Wartime Issue 38

Autumn 2007

GALLIPOLI: Our ANZAC Myths Reviewed.

  • Reflections by Steve Gower.  
    The Director of the Australian War Memorial's comment
  • The real fight for Gallipoli by Peter Hart.  
    A British historian corrects some myths and misconceptions.
  • Was Lone Pine worth it? by Rhys Crawley.  
    The battle at Lone Pine is remembered as Australia's most successful action on Gallipoli but not all who were there would agree.
  • The Turkish perceptive by Harvey Broadbent.  
    Previously unexamined documents in the Turkish archives could lead to a reassessment of Australia's most famous campaign.
  • Heroic sacrifice by Nigel Steel.  
    The 14th Sikhs attracted tributes for their valour and discipline from across the British Empire.
  • No regrets by Peter Burness.  
    A 'stern and demanding' officer's name is forever linked to a disastrous charge.
  • A clerk's eye view by Anne Marie Condé.  
    John Treloar waded ashore at the landing with a typewriter in one hand and a sheaf of paper in the other.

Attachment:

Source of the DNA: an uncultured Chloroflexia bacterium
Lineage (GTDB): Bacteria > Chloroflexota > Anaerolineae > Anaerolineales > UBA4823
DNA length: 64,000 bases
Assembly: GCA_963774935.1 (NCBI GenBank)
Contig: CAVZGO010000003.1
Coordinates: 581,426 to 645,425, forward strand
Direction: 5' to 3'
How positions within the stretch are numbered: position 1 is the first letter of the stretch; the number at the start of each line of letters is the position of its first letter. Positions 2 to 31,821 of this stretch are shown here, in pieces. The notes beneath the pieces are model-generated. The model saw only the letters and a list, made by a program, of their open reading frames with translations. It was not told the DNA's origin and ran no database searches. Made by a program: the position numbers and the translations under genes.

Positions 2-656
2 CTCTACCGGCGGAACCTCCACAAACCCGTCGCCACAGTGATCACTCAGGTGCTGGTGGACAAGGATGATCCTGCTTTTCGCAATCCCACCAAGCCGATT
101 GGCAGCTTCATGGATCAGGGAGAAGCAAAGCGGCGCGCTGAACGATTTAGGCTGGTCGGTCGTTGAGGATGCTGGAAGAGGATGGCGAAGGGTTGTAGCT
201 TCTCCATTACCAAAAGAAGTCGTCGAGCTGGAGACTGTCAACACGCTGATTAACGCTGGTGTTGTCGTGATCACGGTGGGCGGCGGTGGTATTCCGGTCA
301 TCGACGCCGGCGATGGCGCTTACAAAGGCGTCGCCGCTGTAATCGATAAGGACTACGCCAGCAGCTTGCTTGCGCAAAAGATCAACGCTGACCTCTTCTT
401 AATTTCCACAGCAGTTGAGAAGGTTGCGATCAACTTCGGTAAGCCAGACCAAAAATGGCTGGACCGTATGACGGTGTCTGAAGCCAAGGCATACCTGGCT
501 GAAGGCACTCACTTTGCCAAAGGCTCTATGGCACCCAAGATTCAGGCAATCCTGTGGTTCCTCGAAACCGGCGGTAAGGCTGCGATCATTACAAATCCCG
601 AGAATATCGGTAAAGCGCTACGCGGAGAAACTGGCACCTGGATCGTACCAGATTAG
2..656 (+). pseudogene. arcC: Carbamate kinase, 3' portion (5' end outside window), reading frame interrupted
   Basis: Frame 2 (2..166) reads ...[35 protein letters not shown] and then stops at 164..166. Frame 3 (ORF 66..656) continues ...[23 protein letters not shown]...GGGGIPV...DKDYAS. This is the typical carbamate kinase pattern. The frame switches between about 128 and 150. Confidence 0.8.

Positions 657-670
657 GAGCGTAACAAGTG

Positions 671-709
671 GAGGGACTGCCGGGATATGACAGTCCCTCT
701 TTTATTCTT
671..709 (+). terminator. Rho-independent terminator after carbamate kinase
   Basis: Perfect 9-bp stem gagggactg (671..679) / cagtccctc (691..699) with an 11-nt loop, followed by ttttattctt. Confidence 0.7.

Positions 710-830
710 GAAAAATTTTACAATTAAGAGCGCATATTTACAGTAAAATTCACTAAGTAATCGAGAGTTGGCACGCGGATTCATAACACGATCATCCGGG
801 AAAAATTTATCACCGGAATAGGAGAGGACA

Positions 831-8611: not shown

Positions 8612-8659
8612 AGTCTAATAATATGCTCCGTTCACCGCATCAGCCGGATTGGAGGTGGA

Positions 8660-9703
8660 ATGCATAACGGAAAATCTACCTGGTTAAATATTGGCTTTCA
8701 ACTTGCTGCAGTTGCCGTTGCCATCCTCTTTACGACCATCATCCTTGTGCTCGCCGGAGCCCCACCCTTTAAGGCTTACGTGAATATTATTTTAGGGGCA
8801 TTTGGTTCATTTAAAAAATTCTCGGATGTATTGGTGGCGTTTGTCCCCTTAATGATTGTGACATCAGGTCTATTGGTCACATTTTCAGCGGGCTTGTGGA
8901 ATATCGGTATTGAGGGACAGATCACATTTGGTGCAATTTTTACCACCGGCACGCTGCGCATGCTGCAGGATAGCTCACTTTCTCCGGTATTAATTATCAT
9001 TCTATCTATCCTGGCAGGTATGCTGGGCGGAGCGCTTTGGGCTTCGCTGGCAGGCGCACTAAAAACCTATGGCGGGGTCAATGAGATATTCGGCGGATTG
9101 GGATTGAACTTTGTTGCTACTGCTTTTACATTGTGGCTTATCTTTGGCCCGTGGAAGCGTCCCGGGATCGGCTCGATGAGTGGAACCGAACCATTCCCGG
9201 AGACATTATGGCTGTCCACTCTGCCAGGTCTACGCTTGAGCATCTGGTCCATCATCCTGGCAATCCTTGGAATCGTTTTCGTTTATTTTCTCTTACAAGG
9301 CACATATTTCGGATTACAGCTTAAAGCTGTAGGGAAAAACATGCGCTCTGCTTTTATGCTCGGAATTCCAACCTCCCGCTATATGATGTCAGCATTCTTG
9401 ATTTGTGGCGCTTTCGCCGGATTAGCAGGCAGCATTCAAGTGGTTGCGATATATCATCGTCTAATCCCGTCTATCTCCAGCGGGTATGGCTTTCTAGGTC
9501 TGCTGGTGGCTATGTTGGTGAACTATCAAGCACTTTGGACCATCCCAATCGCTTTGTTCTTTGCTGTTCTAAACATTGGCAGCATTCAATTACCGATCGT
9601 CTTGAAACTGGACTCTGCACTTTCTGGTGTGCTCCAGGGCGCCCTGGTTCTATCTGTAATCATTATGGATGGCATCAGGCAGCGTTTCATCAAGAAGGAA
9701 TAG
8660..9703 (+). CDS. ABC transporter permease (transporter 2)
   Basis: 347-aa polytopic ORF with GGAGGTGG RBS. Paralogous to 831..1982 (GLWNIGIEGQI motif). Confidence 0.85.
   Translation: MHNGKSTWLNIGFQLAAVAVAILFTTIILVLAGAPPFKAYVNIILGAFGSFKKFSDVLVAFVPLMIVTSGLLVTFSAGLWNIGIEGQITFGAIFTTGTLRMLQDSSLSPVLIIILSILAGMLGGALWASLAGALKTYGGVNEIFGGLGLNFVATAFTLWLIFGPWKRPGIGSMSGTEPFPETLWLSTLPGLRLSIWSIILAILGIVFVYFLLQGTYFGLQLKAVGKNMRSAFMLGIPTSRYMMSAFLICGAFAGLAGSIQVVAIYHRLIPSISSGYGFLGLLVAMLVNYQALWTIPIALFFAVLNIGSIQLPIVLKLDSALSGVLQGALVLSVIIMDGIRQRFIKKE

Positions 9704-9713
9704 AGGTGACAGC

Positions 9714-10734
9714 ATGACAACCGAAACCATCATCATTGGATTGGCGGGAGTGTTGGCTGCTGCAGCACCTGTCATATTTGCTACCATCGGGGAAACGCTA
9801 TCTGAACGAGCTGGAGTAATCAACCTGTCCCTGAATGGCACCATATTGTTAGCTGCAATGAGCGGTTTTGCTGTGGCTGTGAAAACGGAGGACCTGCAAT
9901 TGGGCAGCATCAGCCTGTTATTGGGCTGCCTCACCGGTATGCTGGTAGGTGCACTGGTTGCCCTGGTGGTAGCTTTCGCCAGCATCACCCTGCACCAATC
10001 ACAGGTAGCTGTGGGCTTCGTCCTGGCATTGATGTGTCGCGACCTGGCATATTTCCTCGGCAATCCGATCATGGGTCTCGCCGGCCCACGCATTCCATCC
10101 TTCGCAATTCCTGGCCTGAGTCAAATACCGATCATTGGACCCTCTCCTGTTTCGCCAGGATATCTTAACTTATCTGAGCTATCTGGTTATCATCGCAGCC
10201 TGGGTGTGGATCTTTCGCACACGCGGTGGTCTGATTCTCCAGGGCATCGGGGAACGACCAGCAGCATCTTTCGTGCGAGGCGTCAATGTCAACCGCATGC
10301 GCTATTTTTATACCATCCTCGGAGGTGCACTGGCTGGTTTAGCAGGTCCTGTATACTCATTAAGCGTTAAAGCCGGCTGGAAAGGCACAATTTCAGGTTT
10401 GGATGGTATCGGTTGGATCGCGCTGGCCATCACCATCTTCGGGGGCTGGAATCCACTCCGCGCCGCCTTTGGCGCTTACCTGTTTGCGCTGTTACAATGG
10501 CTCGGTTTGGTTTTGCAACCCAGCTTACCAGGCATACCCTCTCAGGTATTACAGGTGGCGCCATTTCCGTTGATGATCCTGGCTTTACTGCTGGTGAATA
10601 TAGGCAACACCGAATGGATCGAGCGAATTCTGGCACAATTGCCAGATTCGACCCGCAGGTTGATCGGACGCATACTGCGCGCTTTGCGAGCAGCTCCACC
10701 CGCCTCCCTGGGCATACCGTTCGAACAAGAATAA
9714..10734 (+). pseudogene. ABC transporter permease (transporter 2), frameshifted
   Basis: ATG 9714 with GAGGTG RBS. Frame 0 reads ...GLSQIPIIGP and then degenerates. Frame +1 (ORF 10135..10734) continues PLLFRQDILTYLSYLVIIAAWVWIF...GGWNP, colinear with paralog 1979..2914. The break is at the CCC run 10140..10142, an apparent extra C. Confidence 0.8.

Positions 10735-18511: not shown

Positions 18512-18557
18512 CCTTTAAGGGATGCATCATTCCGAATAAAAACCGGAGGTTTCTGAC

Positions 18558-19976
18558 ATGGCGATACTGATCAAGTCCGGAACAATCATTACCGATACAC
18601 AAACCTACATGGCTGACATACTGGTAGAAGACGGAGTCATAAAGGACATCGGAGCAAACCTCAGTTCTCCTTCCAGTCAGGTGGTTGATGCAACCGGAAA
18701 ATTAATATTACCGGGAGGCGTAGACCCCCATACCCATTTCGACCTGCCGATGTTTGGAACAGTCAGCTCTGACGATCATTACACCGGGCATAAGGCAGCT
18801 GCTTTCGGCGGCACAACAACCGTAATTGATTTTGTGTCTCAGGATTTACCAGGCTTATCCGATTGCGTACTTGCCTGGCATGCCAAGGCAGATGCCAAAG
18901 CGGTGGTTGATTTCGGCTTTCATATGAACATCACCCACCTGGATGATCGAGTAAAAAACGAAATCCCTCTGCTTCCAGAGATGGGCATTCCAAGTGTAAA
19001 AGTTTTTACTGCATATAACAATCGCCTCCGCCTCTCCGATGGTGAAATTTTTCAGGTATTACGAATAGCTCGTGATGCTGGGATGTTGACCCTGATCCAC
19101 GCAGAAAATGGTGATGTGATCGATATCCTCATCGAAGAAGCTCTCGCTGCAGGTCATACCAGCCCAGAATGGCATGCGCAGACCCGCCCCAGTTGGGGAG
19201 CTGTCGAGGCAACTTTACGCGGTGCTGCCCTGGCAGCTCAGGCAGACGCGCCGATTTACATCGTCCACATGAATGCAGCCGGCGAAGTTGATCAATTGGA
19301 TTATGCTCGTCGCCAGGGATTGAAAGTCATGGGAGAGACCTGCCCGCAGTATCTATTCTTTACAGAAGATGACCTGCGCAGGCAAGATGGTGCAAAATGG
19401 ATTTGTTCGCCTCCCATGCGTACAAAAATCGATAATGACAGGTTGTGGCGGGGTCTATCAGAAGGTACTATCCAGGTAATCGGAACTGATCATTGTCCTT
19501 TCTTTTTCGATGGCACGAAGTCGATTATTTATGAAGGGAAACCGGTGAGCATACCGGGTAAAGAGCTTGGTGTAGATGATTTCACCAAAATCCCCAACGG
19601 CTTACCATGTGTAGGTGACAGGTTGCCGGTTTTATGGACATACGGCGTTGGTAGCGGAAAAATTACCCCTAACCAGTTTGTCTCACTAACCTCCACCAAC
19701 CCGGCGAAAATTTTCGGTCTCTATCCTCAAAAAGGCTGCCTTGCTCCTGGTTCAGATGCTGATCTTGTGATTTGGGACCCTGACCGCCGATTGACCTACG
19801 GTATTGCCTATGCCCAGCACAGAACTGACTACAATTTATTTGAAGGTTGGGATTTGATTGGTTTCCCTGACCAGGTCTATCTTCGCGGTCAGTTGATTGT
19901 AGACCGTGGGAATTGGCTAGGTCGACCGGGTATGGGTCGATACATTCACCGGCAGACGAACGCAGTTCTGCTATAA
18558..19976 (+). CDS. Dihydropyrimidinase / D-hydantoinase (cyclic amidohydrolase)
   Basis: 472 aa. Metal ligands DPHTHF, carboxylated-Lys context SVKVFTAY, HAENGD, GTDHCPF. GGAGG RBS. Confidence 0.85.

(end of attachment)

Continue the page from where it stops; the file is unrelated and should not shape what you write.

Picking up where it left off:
• What if...? by Nigel Steel.  
    Imagine the Gallipoli landing had succeeded - what then?
  • In the cold light of dawn by Kerry Neale.  
    While the significance of the dawn service continues to grow, questions remain over its origins in Australia.
  • An ANZAC's pay book by Donald Lawie.  
    A pay book and a diary trace a trail from Egypt to France and Belgium.
  • French heroes in Sydney by John Ramsland.  
    A popular Sydney newspaper defined the heroic image of visiting allied soldiers.
  • Partners in arms by Sven Knudsen.  
    The 90th anniversary of the military alliance between Australia and America.
  • 'The toughest battle of all' by Craig Tibbitts.  
    A ghastly nightmare tested Australian soldiers to their limits.
  • Crossing the Busu by Garth Pratten.  
    A raging torrent, enemy on the far bank, no boats, no bridges, no fords, and an operation that must proceed.
  • Beauty in hell by Janda Gooding.  
    A war artist's 'brilliant little flashes' illuminate the landscapes of war.
  • The Light Horse and the lady by John Connor.  
    A chance discovery brings to light paintings of the Light Horse in Egypt.
  • Plus regular features, including book reviews, letters and Memorial news

Wartime Issue 38

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